REVIEWS

Black Eye 1

For an anthology of scabrous sick humor, Ryan Standfest’s Black Eye sure is tastefully designed. The cover and paper stock are creamy and pleasant to the touch, an ideal platform for the black and white, graytone, or pencil-shaded art of the contributors. Its introduction, table of contents, and prose contributions come in an array of exquisitely curated typefaces from the mid-20th century. A triumvirate of top comics critics contribute essays — Bob Levin on Phoebe Zeit-Geist, Jeet Heer on S. Clay Wilson, and Ken Parille on Steve Ditko — of the sort that would animate the altcomix cocktail-party circuit, were there such a thing. Of all the publications to be seized by overzealous Canadian customs officers on guard against American Obscenity recently, this un here’s surely the most classiest.

Clearly, editor Ryan Standfest was up for a challenge when he conceived and assembled Black Eye, and not just for its lofty production values. He’d have to have been, to combine two of comics’ diciest propositions into one giant hit-and-miss amalgam. All but the best anthologies are characterized by the inclusion of a few clunkers, while gallows humor and gross-out gags are forever in danger either of being predictable in their transgression or of overemphasizing the dark or disgusting at the expense of actually being funny. In both cases, success at surmounting these obstacles is largely in the eye of the beholder — and from the title on down, Black Eye seems created with exactly that in mind. But cognizance does not equal transcendence, and the book ultimately shares the typical vulnerabilities of most comics that share either its form or its content.

Black Eye‘s biggest problem is kind of a killer for a humor anthology: It’s not particularly funny. In a way, its rather astonishingly high production values work against it: The highfalutin’ look and content saps the proceedings of the anarchic savagery that tends to characterize the most effective work in this vein, from Harvey Kurtzman to Johnny Ryan. Only Onsmith goes hard in the Ryan direction, with a suite of gag panels that was the ostensible cause of the Canadian customs confiscation, and unsurprisingly they’re the funniest bits in the book — an indictment of selfishness and lack of empathy as a stealth running theme amid a bunch of brutally blunt sex ’n’ murder jokes. (“Shit, bro…I should call my father!” says one frat boy to another as they gawk at the naked dead woman on their couch. “He’s gotta get in on this while she’s still warm.’) Two of David Paleo’s similarly nasty cartoons got a chuckle out of me on the strength of the kinetic body language his loose, ink-splattered line is capable of: a bound execution victim leaning forward as a hunter blasts him point-blank in the back of his enormous deer mask, a concentration camp internee’s ta-da hand gestures as he encourages a despondent guard to sit back and enjoy being a part of a momentous historical event. Though Ryan himself doesn’t put in an appearance, the other maven of pitch-black humor, Ivan Brunetti, does, and his work here feels as enervated as it has for some time now; one of his punchlines is just a non sequitur, another a simplistic riff on the way Popeye speaks, and the third a visual pun involving a cartoon bone that doesn’t even make sense, given the way he draws his characters’ limbs as a single line. Most of the other more raucous contributions overestimate the value of visual noise at the expense of good jokes or even directly outré imagery (cf. Clotfelter, Moore, Nudd, Head); an apples-to-apples comparison with Al Columbia’s dental-trauma illustration makes the others’ weaknesses apparent.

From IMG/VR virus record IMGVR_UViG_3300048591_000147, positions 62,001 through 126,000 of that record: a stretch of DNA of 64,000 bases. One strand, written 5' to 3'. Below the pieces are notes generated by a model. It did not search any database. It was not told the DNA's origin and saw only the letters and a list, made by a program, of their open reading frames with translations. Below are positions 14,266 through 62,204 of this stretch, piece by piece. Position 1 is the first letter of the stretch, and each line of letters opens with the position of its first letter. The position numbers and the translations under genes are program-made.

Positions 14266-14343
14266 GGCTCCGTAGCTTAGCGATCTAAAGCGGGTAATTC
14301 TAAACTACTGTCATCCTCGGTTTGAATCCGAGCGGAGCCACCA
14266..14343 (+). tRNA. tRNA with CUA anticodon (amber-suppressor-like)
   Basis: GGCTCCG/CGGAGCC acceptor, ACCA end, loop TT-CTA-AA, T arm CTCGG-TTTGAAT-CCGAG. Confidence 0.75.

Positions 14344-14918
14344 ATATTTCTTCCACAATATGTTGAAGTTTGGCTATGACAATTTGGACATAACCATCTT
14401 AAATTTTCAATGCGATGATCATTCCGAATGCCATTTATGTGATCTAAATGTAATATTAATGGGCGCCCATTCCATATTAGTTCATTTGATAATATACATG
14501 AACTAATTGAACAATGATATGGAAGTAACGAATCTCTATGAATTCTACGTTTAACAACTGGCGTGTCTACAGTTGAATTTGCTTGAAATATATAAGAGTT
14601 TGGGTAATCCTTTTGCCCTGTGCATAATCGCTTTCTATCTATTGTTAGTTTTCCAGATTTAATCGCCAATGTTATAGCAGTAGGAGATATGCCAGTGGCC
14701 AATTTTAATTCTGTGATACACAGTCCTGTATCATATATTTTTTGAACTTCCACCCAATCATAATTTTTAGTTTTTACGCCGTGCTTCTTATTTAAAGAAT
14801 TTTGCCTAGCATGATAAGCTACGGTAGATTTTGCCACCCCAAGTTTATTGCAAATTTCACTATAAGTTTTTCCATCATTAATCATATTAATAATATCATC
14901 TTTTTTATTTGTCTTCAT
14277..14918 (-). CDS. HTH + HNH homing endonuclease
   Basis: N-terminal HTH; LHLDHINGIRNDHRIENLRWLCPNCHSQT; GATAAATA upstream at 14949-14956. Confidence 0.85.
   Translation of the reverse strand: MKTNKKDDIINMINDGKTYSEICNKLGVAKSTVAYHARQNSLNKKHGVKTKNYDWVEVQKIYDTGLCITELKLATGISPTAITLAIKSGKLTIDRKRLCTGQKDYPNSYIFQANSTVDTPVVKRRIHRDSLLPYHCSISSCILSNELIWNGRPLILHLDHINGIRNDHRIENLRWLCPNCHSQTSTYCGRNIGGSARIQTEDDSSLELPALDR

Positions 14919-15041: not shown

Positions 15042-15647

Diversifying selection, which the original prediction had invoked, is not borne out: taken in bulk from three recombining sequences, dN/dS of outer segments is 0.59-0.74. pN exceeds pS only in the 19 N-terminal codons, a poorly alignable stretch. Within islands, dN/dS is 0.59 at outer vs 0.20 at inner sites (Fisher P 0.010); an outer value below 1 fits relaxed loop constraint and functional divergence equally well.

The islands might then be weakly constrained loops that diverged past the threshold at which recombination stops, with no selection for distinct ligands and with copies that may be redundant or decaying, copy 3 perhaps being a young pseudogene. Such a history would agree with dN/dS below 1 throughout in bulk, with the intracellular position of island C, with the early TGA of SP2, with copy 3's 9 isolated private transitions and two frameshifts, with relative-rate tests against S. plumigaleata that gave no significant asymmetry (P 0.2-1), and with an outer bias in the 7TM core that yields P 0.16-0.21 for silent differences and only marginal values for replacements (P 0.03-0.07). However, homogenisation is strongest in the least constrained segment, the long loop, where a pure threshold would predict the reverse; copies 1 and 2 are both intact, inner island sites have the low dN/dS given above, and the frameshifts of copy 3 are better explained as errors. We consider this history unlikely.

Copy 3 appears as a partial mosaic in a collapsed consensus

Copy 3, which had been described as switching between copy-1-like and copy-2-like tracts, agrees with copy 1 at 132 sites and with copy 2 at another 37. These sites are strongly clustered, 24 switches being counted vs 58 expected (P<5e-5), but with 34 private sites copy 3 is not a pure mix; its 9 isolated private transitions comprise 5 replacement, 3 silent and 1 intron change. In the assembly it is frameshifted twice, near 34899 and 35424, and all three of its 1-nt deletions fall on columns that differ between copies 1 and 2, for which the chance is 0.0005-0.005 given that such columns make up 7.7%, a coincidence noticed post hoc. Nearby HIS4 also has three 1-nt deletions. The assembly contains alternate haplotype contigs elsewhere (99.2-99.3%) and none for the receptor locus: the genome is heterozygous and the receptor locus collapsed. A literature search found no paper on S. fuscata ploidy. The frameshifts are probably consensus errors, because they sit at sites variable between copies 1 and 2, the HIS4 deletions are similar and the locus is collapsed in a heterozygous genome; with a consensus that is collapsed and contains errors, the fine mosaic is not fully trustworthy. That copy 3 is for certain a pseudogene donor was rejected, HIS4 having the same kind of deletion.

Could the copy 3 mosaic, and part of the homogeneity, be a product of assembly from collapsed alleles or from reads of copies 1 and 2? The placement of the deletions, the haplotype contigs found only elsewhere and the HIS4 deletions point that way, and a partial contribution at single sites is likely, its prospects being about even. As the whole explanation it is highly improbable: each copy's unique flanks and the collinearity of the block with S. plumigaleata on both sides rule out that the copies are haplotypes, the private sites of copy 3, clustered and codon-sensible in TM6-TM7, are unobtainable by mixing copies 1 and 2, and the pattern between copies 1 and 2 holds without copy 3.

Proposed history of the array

Of the subtler pieces, only Brecht Evens’s paean to his late wife (sic) stands out, for the clever, self-indicting way in which it actually pays tribute primarily to Brecht Evens himself. Beyond that there are several staid art-inflected pieces of the sort you might flip past in Kramers Ergot 5 or 6 on the way to the good stuff, and way too many parodies of the ads in the back of old comics, nearly all of which are one-note riffs on your basic “these x-ray spex won’t prevent you from dying loveless and alone” schtick. Danny Hellman is by far the best of that bunch, with a novelty-item parody page that’s funny from top to bottom and an ad for an art school for the ill-fated, featuring spokesman Wallace Wood uttering the immortal line, “We’re looking for people who are dying to draw”; the rest lack both his chops and the sense that they were made by an artist willing to ruin his life with lawsuits in possibly misguided but nobly intentioned attempts to be funny. Maybe that’s the problem with Black Eye overall. It’s a lovely thing to look at, but it seems intended primarily to illustrate that its contributors like black humor and sick jokes, not demonstrate why we the readers might like ‘em too.

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15 Responses to Black Eye 1

  1. Nicholas Gazin says:

    I’d say that’s about right. It looks nice but doen’t really grab me.

  2. Look again, the glass is half-full.

  3. Nicholas Gazin says:

    Danny Hellman’s the best thing in the book.

  4. David Paleo’s great. Onsmith is great. R. Sikoryak is always great. I could go on. There’s great stuff in BLACK EYE. Is every page in the book up to the same level of excellence as every other page in the book? Of course not, and it’s ridiculous to expect that. The nature of anthologies is that no reader will ever like the ENTIRETY of a book’s contents. But when these self-appointed comics reviewers get their hands on a new anthology, they always zero in on a handful of pieces that aren’t to their taste, and proclaim that their disappointment with those few pieces somehow indicates that the book’s a miserable failure.

    Bear in mind that we’re talking about BLACK EYE No.1, not RAW No.9, and it’s editor is the newcomer Ryan Standfest, not a seasoned editor like Art Spiegelman. My first anthology book is so full of flaws, I can’t bring myself to look at it anymore. I’m sure if we inspected RAW No.1 or WEIRDO No.1, we could pick out numerous pieces that fall short of the stronger material in those books. For a freshman effort, I think BLACK EYE is a startling success.